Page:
There's a new term that's being bandied about college and university career services offices. The term is often used in project management and is familiar to industries like marketing and public relations. The term, 'deliverables', which means a tangible or intangible object to be delivered to a client based an outcome in a project, is foreign to college students as well.
Messiah College in Mechanicsburg, PA, has developed the Experiential Learning Initiative (ELI), which requires students to not only complete experiential learning but also to reflect and translate their experience into transferable skills.
At Messiah, experiential learning can take the form of internships, service learning, off-campus programs, leadership experiences or undergraduate research, but all of the options ask students to reflect about the experience in a way that directly relates to a future career. From their reflection, students then produce a "deliverable" that will help communicate their skills to potential employers after graduation, such as a resume, portfolio or website.
"Experiential learning is a great thing, and employers recognize it as a good preparation for a career," says Director of Career and Professional Development Center Christy Hanson. "But a gap is that students are having a hard time taking the value of these experiences beyond the experience itself. We felt that in order to help students do that well, we needed to design a framework that specifically educates students in those ways."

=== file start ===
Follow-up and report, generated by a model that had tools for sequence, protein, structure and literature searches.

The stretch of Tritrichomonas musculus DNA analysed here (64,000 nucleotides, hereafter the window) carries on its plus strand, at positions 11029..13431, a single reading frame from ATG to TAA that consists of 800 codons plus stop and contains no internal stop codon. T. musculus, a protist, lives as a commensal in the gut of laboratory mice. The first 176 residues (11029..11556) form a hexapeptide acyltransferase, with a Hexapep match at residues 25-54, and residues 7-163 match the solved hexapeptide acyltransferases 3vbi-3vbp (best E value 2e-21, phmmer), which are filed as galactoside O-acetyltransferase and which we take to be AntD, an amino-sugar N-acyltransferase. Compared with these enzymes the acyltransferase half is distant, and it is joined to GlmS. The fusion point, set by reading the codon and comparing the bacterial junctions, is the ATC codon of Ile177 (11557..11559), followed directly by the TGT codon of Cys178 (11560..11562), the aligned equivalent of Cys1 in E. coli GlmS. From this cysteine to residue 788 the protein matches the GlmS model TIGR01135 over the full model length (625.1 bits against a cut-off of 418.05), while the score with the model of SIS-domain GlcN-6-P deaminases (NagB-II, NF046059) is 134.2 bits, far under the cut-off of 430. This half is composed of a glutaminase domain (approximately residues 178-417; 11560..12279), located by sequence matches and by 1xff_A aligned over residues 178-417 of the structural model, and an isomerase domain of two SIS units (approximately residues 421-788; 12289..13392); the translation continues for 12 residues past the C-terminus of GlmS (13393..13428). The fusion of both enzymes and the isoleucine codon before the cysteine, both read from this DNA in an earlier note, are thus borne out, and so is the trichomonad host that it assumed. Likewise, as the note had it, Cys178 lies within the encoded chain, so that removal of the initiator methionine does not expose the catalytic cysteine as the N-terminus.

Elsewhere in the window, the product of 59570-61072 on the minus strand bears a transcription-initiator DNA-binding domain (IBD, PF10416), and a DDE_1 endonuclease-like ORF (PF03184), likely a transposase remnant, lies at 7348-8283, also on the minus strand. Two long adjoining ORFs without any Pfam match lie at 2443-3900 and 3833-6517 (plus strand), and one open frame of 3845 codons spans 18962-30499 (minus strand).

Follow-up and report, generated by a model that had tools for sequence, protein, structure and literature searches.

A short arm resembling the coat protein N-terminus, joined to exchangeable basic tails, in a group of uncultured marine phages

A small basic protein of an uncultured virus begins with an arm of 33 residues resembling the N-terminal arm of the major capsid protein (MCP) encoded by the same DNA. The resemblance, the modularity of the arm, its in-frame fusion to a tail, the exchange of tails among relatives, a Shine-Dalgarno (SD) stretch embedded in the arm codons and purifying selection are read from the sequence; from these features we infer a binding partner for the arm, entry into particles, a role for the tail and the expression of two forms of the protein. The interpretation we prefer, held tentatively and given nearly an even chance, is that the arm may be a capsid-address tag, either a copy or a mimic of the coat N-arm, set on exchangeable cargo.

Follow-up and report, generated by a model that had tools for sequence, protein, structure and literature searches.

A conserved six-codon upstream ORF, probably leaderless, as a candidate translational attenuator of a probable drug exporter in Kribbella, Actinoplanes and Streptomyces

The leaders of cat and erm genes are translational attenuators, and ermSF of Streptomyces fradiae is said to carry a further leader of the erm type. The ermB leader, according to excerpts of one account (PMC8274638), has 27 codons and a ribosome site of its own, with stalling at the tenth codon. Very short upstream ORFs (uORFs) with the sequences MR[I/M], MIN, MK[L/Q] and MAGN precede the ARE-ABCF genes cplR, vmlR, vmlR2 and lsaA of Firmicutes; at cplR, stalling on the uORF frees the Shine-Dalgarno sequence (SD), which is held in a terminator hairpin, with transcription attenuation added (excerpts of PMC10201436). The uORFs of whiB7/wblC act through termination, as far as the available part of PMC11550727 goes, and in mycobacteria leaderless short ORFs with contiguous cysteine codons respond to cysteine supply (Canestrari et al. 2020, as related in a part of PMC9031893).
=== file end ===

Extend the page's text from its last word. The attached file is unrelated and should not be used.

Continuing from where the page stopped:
In order to teach students how to talk about these experiences and draw real-world skills from them, the program asks students to design learning objectives with an advisor before the experience. Students then use a set of questions to help them reflect upon how they met their goals. For example, the reflection asks about what students learned about themselves personally, professionally and intellectually during the experience. It also asks them to identify at least two transferrable skills they've learned and to provide an example of something they learned in class they could directly apply to their experience.
"I think what makes the way that we designed this at Messiah distinctive is that we have this common thread of reflection toward these specific outcomes," says Hanson. "Students are learning to talk about this experience in light of a professional connection."
Student matriculating in the Fall 2015 semester will be the first class required to participate in an ELI activity before graduation, but the impact of this change will not likely be felt until 2016, since students need a minimum of 24 credits before participating.